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Recent posts by Dan Arkush
Here’s a look at a key matchup heading into the Packers' battle against the arch-rival Bears in the NFC championship Sunday at Soldier Field.
Packers WRs Greg Jennings, Donald Driver, James Jones and Jordy Nelson vs. Bears CBs Charles Tillman, Tim Jennings and D.J. Moore
May the best Jennings win? While it would be a stretch to say that the winner of this Sunday’s matchup between Packers Pro Bowl WR Greg Jennings and Bears undersized-but-overachieving CB Tim Jennings will determine the NFC championship’s outcome, it certainly figures to be a factor.
The Packers made a point of picking on Tim Jennings in their Week 17 victory over the Bears, but the scrappy ex-Colt held his own for the most part. Greg Jennings, meanwhile, dropped a likely 50-yard TD pass in that game, but he made amends with a 46-yard catch to set up Green Bay’s game-winning TD in the fourth quarter.
All four of the Packers' primary wideouts are coming off of stellar efforts in the playoff victory over Atlanta, each collecting at least 75 yards in receiving while frequently shifting around to different spots on the field and holding on to every pass thrown their way by QB Aaron Rodgers. Jones, a goat in the first Bears-Packers game this season because of a fumble forced by Brian Urlacher that set up Robbie Gould’s game-winning field goal, and Nelson, who offers tight end-like size and is doing a better job of picking up yards after catch, had TDs against Atlanta. Driver, the Packers’ all-time leader in receptions with 698, is looking more like his old fluid self after being less than 100 percent due to injuries for a prolonged stretch.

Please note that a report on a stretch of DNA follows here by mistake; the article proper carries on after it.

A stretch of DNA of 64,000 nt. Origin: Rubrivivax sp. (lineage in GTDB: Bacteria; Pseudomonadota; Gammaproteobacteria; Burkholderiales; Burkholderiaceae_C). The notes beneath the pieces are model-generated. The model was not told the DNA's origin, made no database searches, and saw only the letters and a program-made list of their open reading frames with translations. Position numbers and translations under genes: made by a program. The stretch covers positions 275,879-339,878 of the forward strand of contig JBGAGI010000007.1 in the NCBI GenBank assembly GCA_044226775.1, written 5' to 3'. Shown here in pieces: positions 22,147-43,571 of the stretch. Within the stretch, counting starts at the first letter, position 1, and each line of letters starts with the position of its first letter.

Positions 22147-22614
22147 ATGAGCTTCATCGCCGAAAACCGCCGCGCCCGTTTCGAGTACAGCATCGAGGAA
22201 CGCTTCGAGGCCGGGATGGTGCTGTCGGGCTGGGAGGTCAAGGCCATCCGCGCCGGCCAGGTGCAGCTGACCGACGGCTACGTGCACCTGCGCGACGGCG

In the first Bears-Packers game in Week Three, the Bears’ defense opted to stay back in cover-2 zones practically the entire game, limiting Rodgers to shorter passes underneath in an effort to shut down big plays downfield (Greg Jennings, Jones and Nelson each have had at least one 100-yard outing this season). But in the regular-season finale, the Bears played mostly with a single safety deep, depending more on heavy physical man coverage, which included pressing the Packers' wideouts at the line of scrimmage. Look for a mixture of those strategies on Sunday.
The Bears' cornerbacks blew three excellent shots at interceptions in the win over Seattle. Tillman doesn’t cover like he used to, but he remains a great ball stripper and continues to do well against big-bodied pass catchers, the latest case being Seattle’s Mike Williams.
Moore is the unsung hero of the Bears’ secondary. With his quick feet and great change of direction, he has displayed a knack for pass breakups and making big plays. He also is a threat to blitz from the slot and is an excellent open-field tackler despite his smallish stature.